Lindy Eakin understands if people are confused over Kansas University's budget picture.
"On one end people are cutting, and on the other we're giving people all this money," said Eakin, KU's vice provost for administration and finance.
The cuts come from the state and the Kansas University Endowment Association, which will slash its contributions to the university by an estimated $9.7 million this year. The additions come from students' tuition, which increased by $16.50 per credit hour last year and will increase by the same amount this fall, putting an additional $8.6 million per year in KU's coffers.
Meanwhile, the state is both cutting and adding to KU's budget. During the fiscal year ending June 30, the state cut KU's budget by $11.5 million for the Lawrence campus. But it then added $6.2 million for employee raises, meaning KU's net loss between the two fiscal years is $5.3 million.
"At this point, if we get through the (legislative) session without another cut, we'll be happy," Eakin said. "Things are starting to look up. It's not going to get any worse."
Things also are looking up for KU employees. Morale sagged last year when the state budget provided no money for raises.
This year, classified employees will receive 1.5 percent raises, which were provided in the state budget.
Kathy Jansen, president of the Classified Senate, said the 1.5 percent was appreciated by nominal.
"It hasn't been talked about that much," she said. "It's better than nothing, but it's certainly not going to change the way any of us live."
All unclassified staff and faculty will receive about 2.5 percent, and some faculty will receive more. Tuition increase money also will provide additional raises for up to 25 percent of faculty members that are designed by deans and department heads.
The goal is to retain KU's best faculty, with some receiving double-digit salary increases, Eakin said.
"The idea was you could really make a difference," Eakin said. "You could have spread a little over a lot of people to make them feel a little better, and it certainly wouldn't have kept us competitive."
An unexpected hit to KU's budget came in February, when Endowment Association officials announced they'd cut their contributions to the university by about $9.7 million, or about 20 percent less from most endowment funds.
They said the poor stock market had eroded endowed accounts to the point that the Endowment Association's future contributions were at risk.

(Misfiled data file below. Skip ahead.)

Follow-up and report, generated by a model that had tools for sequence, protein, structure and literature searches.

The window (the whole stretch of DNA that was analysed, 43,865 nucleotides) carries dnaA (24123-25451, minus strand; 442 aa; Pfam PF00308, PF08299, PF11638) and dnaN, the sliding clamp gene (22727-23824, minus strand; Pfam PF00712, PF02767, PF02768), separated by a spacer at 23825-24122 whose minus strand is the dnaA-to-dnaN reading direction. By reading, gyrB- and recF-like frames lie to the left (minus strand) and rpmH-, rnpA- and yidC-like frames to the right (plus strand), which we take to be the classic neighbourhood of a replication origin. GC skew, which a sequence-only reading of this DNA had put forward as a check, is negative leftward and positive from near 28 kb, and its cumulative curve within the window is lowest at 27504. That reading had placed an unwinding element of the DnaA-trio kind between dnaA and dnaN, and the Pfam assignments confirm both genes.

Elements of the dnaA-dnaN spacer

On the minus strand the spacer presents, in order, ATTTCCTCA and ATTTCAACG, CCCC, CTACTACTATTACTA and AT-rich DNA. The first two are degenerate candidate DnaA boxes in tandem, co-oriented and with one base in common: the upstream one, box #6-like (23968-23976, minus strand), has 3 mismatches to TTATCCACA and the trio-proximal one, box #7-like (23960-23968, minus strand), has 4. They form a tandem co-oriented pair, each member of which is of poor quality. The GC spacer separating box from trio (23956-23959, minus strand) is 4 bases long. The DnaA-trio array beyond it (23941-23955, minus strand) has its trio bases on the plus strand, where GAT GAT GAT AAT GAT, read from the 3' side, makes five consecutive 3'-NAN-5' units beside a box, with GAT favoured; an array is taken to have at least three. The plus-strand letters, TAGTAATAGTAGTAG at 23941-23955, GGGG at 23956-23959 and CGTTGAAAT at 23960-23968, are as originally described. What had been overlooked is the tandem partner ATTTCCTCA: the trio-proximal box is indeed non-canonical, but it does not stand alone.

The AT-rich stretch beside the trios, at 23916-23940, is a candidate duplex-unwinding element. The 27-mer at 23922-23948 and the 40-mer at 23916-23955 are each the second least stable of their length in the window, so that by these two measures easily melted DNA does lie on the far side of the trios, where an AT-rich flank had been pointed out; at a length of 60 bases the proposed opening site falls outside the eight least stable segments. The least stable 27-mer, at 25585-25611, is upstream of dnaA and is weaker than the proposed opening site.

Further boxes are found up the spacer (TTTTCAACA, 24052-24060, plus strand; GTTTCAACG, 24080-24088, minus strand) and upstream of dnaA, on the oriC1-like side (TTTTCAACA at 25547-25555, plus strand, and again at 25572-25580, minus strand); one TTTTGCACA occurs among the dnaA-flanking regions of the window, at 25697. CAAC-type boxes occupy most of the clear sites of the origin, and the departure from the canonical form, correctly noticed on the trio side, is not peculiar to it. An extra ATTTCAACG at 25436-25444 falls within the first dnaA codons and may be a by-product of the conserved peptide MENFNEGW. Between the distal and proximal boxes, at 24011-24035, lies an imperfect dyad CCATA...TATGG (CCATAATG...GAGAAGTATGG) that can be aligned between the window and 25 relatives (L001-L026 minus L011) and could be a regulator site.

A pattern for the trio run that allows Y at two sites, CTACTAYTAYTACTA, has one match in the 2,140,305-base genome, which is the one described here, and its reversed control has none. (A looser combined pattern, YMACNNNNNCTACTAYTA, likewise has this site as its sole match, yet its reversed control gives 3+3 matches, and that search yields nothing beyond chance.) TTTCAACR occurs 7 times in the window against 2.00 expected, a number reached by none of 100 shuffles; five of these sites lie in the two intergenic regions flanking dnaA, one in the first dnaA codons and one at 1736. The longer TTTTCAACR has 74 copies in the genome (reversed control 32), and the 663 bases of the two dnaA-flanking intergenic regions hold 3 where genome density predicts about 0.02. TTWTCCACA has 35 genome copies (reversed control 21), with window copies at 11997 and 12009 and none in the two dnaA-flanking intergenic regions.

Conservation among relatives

"We were spending too fast for what our policy should allow," said Dale Seuferling, president of the Endowment Association. "We were spending at too high a rate. We need to provide for the future, so we can have the same impact 10 or 20 years down the road as we do today. While what we were doing was good for the current times, we were eroding it for the future."
At the time, another 700 funds had fallen "underwater" -- less than their initial endowed amounts -- which means the Endowment Association can only spend 30 to 35 percent of a normal payout until the accounts reach their original values. By mid-July, that number had decreased to 566.
"If it continued to erode, more and more of those funds would have gone under," Seuferling.
Still, the KU First campaign has increased the total amount the Endowment Association contributes to the university this year. The Endowment Association had contributed $69 million by April for the fiscal year ending June 30. That already surpassed the previous year, when $68 million was contributed.
Final-year totals were not available.
"Given the challenges to the university's financial circumstances with the state budget, we're providing a record year of support to KU," Seuferling said. "Even with the reduction in spending policy, we could come close to this same number next year."
A study released earlier this year showed that Kansas is second to last among states with Big 12 universities when it comes to higher education funding.
The study, by MGT of America, an Austin, Texas-based research firm, showed that for the fiscal year ending June 30, 2001, Kansas spent $5,988 per student at Kansas University, 74 percent of the average Big 12 university state funding. Kansas State received $6,125, or 75.7 percent of the Big 12 average.
Those figures were greater than only the University of Colorado, where state funds contributed $3,350 per student.
And the gap is widening between Kansas and other states.
Though large tuition increases have helped soften the blow to KU's budget, officials worry that addition years of cuts and tuition increases will put more of a burden on students for their education expenses.
"The bad news is behind us," Eakin said. "I'm a glass half full kind of guy. Yeah, it's a lean year, but they didn't cut us any more. There's a big scare for next year. They've got to increase taxes. They've got to be done with the smoke and mirrors."
-- Staff writer Terry Rombeck can be reached